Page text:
Hope this helps!

    All the best

  21. Ella
    Posted March 16, 2011 at 6:07 pm | Permalink

    Does anyone recommend using any of the Silo plugins available for WordPress? Are these necessary?

    -Ella

  22. Josh
    Posted March 18, 2011 at 10:37 am | Permalink

    Hi Jeffrey,

    I am looking to put this into action on my blog, but can you clarify about the pages and categories part of your post

    ” Since WordPress is automatically programmed with pages to take precedence over posts, create a page named the exact same thing as your category – i.e “best affiliate programs”. This page will now override the category (which would have been a cyclical page with the nested posts on it)”

    Should I be displaying categories on my side bar with your method or not ?. As it stands if I click on a category,I still see the posts listed. Should all my posts be displaying on the landing page ( silo ) as I build them out ? The set up your explain is easy to follow, I am just not sure how the page is taking precedence over posts.

    Thanks

    Josh

  23. Kevin
    Posted May 24, 2011 at 8:25 pm | Permalink

    Hi Jeffrey,

    This may be the best SEO blog I have come across in my short but fairly intensive 8 months of online marketing.

    I have a question if you don’t mind:

    I am having the same problem it sounds like Josh posted on March 18: I tried creating a Category Landing Page by creating a Page with the same name as an existing Category on an old site I have and the Page is not taking priority.

    Any idea what may be happening?

    thanks
    Kevin

  24. Jeffrey Smith
    Posted May 25, 2011 at 11:14 am | Permalink

    Check and see if you have any plugins preventing a category base rewrite, or make sure the page is the exact same as the category and it should override the post in WordPress…

  25. Kevin
    Posted May 25, 2011 at 3:10 pm | Permalink

    Not fully understanding what you meant by “category base rewrite” I assumed you meant something like the “No category parents” plugin and yes by deactivating that it now works.

    thanks!

  26. Tara
    Posted September 15, 2011 at 5:24 am | Permalink

    Hey Jeffrey, many thanks for your great posts here.
    I’m a recent convert to the excellent SEO Ultimate plugin after hearing JamesTheJust from http://theaveragegenius.net raving about this for months now.

    I’ve been trying to “silo” my site based on your recommendation in this post and I’ve created a landing page for my category named the same as my category….so, I no longer have the default WP archive page showing older posts but rather a page of content.

    The problem is I have to deactivate the WP No category base plugin in order to see the static page instead of the default category posts.

    I want to carry on using the WP No category base because I have used this from the beginning and my site now has over 100 posts and I have been building links to these posts.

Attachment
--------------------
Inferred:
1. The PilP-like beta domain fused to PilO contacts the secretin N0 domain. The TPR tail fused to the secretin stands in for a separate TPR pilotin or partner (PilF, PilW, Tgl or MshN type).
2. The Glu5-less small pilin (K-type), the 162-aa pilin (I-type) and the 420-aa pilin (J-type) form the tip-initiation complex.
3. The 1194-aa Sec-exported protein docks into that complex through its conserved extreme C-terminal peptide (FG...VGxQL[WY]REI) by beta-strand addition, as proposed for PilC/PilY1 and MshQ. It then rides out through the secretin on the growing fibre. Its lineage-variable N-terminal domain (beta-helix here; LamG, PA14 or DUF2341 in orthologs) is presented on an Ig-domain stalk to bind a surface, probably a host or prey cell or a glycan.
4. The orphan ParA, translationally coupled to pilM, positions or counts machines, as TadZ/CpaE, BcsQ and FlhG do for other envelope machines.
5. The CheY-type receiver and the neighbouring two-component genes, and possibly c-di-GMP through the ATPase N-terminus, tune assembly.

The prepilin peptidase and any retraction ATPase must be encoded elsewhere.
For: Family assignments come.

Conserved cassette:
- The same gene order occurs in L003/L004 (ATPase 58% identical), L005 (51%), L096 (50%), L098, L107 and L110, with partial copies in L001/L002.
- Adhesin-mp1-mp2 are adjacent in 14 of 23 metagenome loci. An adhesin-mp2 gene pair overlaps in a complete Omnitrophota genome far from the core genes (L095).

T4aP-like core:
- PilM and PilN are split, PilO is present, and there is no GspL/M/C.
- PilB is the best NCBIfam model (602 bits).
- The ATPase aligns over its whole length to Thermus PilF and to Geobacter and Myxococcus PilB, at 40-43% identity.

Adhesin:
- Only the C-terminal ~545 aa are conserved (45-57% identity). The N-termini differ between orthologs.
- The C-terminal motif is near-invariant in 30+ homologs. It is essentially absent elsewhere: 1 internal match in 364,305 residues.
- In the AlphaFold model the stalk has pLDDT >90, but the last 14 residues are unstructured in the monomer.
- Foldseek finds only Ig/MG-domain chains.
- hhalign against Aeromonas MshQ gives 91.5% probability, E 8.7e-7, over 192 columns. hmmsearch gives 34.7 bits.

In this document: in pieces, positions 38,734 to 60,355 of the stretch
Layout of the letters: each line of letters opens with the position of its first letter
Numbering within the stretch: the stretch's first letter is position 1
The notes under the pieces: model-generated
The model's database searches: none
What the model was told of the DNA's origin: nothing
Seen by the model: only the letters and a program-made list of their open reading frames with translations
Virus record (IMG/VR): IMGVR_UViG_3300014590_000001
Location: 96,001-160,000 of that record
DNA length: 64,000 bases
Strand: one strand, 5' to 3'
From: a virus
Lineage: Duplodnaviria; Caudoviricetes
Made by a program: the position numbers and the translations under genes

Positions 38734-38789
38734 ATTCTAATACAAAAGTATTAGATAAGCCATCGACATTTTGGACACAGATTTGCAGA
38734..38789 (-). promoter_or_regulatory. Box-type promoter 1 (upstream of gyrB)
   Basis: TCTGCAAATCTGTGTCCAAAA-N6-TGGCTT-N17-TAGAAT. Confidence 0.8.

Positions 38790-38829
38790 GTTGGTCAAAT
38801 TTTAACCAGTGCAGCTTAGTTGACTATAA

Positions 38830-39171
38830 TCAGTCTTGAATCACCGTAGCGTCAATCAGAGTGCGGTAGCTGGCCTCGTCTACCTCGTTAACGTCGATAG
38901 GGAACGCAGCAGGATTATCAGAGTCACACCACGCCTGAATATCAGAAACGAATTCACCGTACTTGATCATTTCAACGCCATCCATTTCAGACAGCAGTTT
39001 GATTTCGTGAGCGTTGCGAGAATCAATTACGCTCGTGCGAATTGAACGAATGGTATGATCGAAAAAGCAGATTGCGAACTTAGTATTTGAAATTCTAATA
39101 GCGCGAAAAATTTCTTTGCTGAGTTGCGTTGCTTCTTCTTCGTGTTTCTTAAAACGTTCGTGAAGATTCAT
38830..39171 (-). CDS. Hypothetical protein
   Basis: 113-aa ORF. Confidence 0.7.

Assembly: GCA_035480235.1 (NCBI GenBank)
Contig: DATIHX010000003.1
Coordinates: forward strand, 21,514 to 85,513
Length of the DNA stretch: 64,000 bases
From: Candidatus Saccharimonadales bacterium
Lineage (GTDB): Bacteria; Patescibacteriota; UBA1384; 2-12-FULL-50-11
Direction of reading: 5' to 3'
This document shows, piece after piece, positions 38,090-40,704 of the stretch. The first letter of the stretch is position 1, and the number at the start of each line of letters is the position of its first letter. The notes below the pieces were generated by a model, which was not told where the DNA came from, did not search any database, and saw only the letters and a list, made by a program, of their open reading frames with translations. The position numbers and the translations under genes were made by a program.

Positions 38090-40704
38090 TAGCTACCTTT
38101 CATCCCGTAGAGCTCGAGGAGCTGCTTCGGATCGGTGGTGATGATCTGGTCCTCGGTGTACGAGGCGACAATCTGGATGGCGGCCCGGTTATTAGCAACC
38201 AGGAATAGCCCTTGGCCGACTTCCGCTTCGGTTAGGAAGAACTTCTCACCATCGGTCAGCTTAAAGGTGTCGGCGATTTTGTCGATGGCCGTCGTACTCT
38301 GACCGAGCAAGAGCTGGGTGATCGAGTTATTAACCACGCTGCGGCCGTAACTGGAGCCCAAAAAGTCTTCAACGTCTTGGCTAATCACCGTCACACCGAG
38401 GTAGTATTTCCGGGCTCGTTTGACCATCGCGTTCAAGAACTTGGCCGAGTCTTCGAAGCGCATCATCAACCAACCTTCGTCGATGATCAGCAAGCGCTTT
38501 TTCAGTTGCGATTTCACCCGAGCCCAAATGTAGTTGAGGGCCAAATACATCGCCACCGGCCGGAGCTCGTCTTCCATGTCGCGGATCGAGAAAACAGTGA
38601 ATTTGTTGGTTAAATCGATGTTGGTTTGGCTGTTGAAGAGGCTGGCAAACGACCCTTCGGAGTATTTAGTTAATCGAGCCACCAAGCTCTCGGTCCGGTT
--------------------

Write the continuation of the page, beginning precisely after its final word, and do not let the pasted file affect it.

I want to set up my silo structure as you recommend in this post but I can’t because of the conflict.

    Do you have any suggestions on how I can get around this?

  27. Tara
    Posted September 15, 2011 at 8:09 am | Permalink

    I’ve been doing more experimenting since my last post here and have discovered the following problems – when I use the SEO Ultimate plugin and enable the Siloed Categories widget and deactivate the WP No Category Base plugin, I get my silo landing page showing (instead of the default category archive page) which is what I want BUT the Siloed Categories does not work.

    I see the top-level categories but when I click on a category I no longer see the posts nested underneath that category. (Which is what Siloed Categories did so beautifully).

    If I activate the WP No Category base (which I have had on my site since its inception) and use SEOU with Siloed Categories enabled, my silo landing page no longer shows although the siloed categories work fine ie I see a list of related posts within a category when I select it.

    I want to have my silo landing pages showing and I also want the siloed categories to work (as well as to have the WP No category base plugin activated).

    Any ideas on what could be going wrong or how to clear up the conflict?

    Would appreciate your help – many thanks.

    Tara

  28. Beachbody Coach in Dayton
    Posted September 30, 2011 at 12:06 pm | Permalink

    I’ve learned a lot from this blog, I’m wondering about implementing a dropdown navigation menu – I really want this for user-experience and from a marketing standpoint, but I don’t want to spread out the PR from the main blog… across the subpages 2 or 3 levels deep…

    Example:
    Beachbody Coaching Opportunity
    – Beachbody Marketing Tools
    — Free Beachbody Blog
    — Free Beachbody Blog Hosting
    …etc…

    All of these links show in my menu bar, but do I need to add rel canonical, or nofollow, or something to these links, so that Google will ONLY follow them
    when at mysite.com/Beachbody-Coaching-Opportunity